RMC Responds: Federal Funding of Abortion (Or, Rather, the Lack Thereof)

ImageThis week, one Facebook commenter expressed an opinion that we hear echoed quite often, saying that when a woman seeks an abortion, that is her choice but “she should pay for it herself… NOT taxpayers.” Another commenter correctly pointed to the Hyde Amendment in response, and we would like to take this opportunity to further explain the ban on abortion funding.

To clarify, the federal government has explicitly banned the use of government money to cover abortion costs.  In 1977, several years after Roe v. Wade established choice as a constitutional right, legislation known as the Hyde Amendment changed the landscape of abortion funding.  Sponsored by a senator from Illinois, the Hyde Amendment ended any federal funding of abortion coverage.  The most significant portion of this ban applies to Medicaid coverage, which had previously included abortion care as part of health plans for lower income individuals.

Over the years, further provisions have altered and expanded the federal prohibition of abortion funding; today, about a dozen laws exist that address this issue.  Military health plans, for instance, exclude any coverage for members, retirees, or dependents, even those serving overseas.  Federal employee health plans, as well, cannot include abortion coverage, as is also the case with plans for Native Americans and Peace Corps volunteers.  Many of these laws exclude coverage even when the life of the mother is in danger.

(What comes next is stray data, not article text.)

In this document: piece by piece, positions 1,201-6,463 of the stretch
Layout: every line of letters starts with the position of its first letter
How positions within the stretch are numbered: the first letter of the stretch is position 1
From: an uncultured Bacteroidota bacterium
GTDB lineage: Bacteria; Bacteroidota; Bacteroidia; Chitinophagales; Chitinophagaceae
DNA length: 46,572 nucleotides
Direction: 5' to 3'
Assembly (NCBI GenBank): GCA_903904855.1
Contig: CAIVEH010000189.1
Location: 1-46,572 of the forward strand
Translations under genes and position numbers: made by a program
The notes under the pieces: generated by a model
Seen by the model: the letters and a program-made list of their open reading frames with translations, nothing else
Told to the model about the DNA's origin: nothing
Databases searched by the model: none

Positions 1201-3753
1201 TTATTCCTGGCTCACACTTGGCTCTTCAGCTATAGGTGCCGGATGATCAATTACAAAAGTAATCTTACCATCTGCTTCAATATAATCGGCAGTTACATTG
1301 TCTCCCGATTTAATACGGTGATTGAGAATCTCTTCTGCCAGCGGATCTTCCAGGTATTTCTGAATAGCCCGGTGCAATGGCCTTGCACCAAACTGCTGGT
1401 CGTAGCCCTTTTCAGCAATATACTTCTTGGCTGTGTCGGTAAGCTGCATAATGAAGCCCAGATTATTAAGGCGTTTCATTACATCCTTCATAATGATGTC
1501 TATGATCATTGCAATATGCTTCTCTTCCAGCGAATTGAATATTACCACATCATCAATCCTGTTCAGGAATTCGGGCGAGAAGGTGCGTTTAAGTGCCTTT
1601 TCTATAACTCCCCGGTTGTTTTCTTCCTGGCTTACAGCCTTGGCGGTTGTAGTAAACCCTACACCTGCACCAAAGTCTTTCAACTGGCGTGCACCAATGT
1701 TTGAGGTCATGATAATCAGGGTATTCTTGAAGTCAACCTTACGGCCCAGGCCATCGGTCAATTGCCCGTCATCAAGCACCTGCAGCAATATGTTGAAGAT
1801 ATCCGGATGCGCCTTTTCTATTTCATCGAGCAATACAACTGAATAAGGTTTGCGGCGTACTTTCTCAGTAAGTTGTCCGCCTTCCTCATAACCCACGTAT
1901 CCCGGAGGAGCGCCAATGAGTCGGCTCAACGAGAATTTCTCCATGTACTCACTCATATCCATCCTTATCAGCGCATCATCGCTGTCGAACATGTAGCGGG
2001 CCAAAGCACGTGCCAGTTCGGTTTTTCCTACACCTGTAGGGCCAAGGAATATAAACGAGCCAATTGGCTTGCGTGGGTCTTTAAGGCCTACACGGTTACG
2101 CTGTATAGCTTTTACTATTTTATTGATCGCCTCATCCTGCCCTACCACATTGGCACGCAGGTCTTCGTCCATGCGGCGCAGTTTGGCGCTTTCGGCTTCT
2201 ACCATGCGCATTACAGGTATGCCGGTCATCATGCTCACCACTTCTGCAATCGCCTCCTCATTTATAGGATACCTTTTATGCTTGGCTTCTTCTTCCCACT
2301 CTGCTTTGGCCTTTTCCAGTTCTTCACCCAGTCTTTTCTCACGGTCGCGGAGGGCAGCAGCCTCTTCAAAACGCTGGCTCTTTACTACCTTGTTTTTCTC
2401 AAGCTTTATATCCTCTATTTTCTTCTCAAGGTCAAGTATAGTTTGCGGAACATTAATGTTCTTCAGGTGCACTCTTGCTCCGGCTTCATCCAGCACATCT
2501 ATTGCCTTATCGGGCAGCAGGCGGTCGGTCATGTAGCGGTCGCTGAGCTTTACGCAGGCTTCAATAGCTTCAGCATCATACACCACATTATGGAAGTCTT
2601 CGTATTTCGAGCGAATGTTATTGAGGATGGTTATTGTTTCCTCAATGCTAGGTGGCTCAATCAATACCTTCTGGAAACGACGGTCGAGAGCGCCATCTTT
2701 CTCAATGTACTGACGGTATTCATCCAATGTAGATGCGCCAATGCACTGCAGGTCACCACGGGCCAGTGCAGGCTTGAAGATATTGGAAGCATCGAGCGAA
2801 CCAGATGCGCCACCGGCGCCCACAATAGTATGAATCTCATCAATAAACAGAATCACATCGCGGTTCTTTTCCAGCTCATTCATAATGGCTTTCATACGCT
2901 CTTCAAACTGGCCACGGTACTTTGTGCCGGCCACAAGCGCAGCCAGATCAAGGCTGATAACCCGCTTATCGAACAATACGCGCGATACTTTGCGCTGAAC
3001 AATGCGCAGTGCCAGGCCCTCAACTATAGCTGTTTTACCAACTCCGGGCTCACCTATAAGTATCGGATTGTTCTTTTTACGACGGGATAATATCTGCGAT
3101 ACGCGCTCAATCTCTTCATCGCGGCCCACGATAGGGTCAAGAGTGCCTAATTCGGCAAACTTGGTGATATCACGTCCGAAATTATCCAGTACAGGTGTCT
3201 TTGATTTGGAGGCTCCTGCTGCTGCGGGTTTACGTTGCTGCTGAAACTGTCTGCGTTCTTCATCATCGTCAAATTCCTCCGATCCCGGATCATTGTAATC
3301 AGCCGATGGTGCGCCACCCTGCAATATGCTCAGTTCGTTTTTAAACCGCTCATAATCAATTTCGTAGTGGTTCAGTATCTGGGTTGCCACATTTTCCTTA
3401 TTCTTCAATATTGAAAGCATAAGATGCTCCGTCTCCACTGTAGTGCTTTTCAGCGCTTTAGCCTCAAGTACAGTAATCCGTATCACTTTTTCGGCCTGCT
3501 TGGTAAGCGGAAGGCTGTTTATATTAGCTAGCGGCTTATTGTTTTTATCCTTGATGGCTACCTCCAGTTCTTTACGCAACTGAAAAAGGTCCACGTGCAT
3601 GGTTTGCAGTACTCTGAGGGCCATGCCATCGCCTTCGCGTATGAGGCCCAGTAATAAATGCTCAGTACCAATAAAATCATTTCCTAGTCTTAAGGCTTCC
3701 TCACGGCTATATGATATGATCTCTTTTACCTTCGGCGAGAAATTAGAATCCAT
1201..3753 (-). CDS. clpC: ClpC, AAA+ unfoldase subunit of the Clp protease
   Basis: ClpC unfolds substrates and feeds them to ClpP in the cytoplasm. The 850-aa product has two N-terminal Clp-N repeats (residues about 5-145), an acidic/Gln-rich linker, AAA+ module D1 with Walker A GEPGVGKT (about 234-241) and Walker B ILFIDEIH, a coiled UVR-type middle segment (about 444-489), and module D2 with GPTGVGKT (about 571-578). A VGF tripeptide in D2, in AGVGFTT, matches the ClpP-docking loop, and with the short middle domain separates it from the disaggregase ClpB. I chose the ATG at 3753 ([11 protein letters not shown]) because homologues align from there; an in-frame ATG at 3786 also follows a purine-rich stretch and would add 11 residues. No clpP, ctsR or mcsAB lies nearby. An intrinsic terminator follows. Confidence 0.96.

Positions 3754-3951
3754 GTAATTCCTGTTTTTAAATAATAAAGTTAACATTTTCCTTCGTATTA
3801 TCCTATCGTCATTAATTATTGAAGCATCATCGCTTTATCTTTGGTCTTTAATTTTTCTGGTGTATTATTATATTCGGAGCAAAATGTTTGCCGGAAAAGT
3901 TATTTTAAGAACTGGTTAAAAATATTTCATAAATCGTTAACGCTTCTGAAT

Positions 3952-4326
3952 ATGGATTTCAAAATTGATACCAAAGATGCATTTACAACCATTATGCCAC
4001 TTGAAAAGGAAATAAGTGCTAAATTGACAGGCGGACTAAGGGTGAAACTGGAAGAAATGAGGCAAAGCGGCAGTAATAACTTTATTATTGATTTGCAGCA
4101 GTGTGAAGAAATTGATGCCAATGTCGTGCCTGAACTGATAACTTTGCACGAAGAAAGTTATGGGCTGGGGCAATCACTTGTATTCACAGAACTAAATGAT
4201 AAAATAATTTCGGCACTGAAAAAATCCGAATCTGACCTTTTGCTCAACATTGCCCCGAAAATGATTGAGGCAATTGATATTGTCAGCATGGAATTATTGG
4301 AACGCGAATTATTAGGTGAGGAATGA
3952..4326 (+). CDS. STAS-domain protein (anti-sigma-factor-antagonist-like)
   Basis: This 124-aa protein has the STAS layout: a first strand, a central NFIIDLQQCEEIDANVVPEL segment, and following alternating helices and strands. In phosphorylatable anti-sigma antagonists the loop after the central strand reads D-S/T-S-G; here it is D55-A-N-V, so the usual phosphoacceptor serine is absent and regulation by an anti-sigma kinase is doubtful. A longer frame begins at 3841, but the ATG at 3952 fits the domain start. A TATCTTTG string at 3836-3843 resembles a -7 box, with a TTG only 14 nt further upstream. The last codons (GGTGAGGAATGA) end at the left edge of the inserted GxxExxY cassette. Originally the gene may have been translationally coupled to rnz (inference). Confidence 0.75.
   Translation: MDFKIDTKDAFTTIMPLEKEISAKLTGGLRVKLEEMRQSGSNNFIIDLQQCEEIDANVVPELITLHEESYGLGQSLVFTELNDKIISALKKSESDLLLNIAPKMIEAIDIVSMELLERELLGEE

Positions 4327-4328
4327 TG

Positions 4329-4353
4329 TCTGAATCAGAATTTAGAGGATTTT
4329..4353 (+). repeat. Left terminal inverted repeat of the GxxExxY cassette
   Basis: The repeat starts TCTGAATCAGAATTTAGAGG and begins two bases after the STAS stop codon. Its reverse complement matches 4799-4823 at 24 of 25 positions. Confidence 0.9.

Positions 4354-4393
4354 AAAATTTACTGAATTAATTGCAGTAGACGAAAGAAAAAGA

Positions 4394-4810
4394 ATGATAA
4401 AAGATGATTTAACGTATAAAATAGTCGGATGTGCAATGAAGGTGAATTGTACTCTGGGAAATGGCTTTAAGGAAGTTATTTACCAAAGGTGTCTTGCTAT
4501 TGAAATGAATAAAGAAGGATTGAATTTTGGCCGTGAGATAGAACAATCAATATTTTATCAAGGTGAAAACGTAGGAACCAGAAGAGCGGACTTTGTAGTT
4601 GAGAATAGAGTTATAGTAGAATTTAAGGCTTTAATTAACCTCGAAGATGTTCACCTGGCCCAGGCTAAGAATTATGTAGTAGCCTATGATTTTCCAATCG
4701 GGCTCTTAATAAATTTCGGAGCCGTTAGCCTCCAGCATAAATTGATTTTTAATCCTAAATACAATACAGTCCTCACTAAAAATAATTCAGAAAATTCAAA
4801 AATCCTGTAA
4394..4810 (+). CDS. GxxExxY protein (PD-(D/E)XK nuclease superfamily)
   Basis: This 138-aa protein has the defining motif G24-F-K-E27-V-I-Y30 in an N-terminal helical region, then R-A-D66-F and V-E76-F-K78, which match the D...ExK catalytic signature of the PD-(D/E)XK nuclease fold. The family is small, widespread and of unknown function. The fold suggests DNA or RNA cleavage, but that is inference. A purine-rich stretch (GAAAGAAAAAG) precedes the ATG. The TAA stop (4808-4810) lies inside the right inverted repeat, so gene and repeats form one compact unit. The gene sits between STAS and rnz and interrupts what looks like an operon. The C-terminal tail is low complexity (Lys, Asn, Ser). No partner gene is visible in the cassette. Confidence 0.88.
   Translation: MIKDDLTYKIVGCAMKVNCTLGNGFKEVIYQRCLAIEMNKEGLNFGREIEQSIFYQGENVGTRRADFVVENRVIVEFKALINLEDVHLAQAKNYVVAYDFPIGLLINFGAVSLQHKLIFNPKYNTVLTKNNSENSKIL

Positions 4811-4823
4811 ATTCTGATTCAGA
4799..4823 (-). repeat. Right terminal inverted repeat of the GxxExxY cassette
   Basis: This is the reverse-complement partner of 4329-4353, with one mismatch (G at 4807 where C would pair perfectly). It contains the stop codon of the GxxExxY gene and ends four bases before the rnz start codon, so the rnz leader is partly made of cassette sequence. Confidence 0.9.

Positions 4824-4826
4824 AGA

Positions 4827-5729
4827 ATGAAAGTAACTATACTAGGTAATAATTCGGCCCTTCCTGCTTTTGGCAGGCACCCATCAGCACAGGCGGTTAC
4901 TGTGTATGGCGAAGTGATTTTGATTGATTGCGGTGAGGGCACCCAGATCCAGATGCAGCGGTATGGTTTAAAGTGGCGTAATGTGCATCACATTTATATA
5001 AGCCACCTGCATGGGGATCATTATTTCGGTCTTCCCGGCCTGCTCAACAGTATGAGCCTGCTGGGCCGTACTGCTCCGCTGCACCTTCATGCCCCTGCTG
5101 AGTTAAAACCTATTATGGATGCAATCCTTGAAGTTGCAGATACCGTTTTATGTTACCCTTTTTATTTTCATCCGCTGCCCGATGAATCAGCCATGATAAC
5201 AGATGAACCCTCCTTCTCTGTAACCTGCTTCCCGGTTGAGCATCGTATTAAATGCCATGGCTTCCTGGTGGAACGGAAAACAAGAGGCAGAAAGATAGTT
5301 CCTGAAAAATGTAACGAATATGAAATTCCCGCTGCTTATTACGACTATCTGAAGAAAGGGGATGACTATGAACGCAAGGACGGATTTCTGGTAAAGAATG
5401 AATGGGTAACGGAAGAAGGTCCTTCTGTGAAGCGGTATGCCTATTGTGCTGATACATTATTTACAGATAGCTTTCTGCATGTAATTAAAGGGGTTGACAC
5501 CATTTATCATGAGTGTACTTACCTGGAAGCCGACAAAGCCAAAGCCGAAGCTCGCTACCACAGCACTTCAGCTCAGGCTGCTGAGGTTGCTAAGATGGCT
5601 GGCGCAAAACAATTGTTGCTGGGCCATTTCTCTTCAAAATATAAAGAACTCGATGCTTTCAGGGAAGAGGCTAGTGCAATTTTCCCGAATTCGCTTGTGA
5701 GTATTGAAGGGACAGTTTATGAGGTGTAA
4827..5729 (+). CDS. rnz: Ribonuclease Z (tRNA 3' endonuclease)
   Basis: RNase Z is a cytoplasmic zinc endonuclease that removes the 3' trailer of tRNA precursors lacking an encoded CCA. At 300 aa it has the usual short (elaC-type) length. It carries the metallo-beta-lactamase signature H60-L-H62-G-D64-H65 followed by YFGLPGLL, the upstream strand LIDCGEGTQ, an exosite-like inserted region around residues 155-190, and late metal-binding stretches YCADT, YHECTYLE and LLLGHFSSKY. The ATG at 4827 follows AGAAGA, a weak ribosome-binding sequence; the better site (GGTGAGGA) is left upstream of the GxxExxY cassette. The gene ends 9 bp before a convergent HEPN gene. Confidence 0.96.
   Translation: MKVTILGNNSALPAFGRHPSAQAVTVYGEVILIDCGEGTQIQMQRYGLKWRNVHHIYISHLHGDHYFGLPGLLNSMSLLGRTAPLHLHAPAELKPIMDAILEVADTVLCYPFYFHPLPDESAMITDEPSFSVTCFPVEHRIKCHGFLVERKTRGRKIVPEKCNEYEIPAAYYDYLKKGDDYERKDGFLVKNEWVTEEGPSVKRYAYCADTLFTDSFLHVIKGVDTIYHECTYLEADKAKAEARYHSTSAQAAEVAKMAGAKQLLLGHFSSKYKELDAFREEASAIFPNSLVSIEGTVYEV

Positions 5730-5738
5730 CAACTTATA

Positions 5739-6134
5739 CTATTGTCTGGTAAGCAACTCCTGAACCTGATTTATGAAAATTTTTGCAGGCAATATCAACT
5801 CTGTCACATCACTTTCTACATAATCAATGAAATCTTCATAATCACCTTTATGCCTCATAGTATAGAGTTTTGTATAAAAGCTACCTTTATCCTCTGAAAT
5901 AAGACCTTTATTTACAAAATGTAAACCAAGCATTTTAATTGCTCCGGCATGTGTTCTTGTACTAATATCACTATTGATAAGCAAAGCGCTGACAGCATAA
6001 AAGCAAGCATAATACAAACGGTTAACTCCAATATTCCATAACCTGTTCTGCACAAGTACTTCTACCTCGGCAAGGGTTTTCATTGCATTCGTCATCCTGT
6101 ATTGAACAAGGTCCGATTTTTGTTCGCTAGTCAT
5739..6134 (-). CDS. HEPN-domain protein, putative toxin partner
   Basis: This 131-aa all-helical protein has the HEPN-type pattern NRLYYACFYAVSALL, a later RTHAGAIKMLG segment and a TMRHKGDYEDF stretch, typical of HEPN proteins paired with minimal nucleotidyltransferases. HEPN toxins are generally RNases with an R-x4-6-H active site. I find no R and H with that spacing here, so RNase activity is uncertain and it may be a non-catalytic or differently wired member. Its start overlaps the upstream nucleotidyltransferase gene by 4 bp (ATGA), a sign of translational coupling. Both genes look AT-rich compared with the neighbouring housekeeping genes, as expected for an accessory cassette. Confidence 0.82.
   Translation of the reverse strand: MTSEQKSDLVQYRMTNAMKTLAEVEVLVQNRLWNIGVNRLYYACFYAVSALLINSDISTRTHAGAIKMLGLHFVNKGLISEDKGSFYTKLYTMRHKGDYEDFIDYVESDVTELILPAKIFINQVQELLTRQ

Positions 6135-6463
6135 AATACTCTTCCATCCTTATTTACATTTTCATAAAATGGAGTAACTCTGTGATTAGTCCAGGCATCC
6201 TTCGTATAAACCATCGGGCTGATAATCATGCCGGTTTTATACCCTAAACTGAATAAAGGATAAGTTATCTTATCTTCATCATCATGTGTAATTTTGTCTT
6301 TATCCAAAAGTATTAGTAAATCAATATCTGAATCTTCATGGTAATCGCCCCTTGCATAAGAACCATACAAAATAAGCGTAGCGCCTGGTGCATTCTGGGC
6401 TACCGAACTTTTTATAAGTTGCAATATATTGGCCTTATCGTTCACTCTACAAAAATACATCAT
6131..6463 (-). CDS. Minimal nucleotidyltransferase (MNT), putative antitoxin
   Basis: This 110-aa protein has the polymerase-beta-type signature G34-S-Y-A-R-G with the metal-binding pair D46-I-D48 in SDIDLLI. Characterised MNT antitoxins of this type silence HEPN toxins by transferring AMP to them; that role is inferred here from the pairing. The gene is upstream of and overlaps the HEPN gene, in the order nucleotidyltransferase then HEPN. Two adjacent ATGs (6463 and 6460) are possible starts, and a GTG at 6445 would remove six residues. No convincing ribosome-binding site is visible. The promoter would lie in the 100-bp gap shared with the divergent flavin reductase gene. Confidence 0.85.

Recently, the President agreed to continue compliance with the Hyde Amendment as the Affordable Care Act is implemented.  An executive order now outlines that as the new health care system goes into effect, abortion services will still be excluded from any coverage.

The major source of public funding for many healthcare clinics, Title X, also complies with the Hyde Amendment.  These funds are allotted to help lower income families receive critical healthcare and preventative services, but none of the money ever covers abortions.

State healthcare funding varies throughout the country, though much of the nation is largely consistent with federal policy.  Almost three-quarters of states have prohibitions of abortion funding in compliance with the Hyde Amendment, meaning that state contributions to Medicaid never cover any abortion services.

In recent years, a number of bills have been introduced in Congress that claim to restrict abortion funding, such as the “No Federal Funding for Abortion Act” of 2011.  The fact is, however, that federal money does not fund any abortion services.  Federal funds directed to health clinics are used for critical services such as cancer and STI screenings, often having a major impact on the lives of low-income women and families.  This is money that actually helps reduce the number of abortions by improving health and promoting prevention.

Lawmakers across the nation are wasting millions of taxpayer dollars implementing restrictions on women’s rights and then fighting for unconstitutional laws in court.  The reality is, though, that choice is a constitutionally protected right, and one that does NOT infringe on others by using taxpayer money.

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